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Should I Invest in a Fixed-Index Annuity?

Question: Is a fixed-index annuity a good or bad investment for someone nearing retirement?

– Carol Ring, Santa Clarita, Calif.

Answer: It sounds like a good deal—a guaranteed minimum return no matter what the stock market does. But experts at the Financial Industry Regulatory Authority warn that fixed-index annuities (also called equity-indexed annuities) can be rife with fees, penalties and complex rules that while limiting an investor’s exposure to the downside of the market, can limit upside potential as well. What’s more, locking money into any sort of fixed product with today’s low interest rates could backfire, if rates or inflation rise, says Timothy Sabol, an adviser with Ameriprise Financial in Conshohocken, Pa. One way to use an annuity, Sabol suggests, is to calculate your projected fixed monthly retirement expenses and put a portion of your portfolio into a fixed annuity, just to pay for those costs. That way, the essentials are covered.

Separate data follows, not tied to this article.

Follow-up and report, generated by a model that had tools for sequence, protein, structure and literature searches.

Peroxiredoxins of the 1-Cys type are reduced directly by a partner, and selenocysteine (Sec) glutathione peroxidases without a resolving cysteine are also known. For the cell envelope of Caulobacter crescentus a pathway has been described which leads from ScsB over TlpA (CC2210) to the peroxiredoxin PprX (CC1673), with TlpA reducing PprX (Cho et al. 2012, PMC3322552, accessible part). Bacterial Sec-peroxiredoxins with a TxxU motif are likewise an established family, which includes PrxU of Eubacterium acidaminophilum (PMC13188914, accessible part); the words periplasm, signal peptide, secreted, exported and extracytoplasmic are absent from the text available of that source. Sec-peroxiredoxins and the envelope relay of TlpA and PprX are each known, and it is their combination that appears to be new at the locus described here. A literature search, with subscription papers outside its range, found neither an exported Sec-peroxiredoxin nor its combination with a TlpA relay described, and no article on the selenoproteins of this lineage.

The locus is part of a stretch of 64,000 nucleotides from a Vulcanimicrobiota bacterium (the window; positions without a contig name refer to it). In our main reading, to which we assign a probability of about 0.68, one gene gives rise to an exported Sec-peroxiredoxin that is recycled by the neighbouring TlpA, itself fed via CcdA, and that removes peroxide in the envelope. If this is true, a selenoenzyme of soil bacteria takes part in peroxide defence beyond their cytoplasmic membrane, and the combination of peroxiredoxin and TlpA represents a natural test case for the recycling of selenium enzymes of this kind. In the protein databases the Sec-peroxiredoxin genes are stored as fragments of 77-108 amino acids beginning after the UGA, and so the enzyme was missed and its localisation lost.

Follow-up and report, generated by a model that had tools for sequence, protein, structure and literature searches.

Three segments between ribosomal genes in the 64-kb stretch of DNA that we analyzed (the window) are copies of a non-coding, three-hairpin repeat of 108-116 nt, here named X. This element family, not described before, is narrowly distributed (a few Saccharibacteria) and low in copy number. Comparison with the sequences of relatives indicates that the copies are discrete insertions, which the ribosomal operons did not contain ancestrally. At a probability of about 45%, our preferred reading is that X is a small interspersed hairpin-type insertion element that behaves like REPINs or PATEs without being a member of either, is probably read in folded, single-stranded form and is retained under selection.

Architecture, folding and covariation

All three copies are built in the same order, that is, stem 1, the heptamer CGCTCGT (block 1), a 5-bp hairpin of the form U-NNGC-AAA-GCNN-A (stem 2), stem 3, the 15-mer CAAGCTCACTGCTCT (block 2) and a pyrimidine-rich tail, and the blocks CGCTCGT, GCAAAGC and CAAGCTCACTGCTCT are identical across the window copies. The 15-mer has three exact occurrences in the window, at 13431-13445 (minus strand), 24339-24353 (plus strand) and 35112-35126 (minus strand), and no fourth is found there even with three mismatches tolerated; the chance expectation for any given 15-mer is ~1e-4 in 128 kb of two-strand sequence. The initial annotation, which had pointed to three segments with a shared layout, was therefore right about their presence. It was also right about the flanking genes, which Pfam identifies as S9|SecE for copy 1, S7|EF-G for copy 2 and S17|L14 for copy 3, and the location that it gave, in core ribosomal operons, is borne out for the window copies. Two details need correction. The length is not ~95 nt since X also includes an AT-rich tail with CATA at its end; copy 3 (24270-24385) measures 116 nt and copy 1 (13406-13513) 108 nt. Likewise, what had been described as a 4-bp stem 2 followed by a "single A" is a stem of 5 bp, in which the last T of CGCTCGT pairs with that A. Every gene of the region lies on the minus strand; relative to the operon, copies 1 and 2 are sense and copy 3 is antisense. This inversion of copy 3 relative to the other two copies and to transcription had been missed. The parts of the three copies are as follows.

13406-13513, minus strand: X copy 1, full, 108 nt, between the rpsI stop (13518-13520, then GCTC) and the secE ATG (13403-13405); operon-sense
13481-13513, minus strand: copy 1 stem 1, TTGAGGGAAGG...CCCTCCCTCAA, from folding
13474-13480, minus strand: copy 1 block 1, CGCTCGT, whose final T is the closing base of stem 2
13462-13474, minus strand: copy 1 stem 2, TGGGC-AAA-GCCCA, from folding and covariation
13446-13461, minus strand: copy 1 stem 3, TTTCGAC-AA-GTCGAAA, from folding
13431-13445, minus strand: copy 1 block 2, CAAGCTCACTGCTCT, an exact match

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    • I really appreciate your post and you explain each and every point very well.Thanks for sharing this information.And I’ll love to read your next post too.

    • It’s amazing that FINRA warns against products they don’t have oversight on. Also, I believe the excessive fee conversation usually is held among variable annuity and mutual fund discussions. Obviously, if the insurance company is going to guarantee NO loss, they have to make their money by limiting you upside potential. Plus, there are several fixed indexed annuities out that won’t keep you locked into a low rate environment. The only thing I agree with in this article, is a retiree does need to be educated about these products, just like all others. There is always positive and negative features to an investment; it’s what you are willing to trade off for your desired gain.

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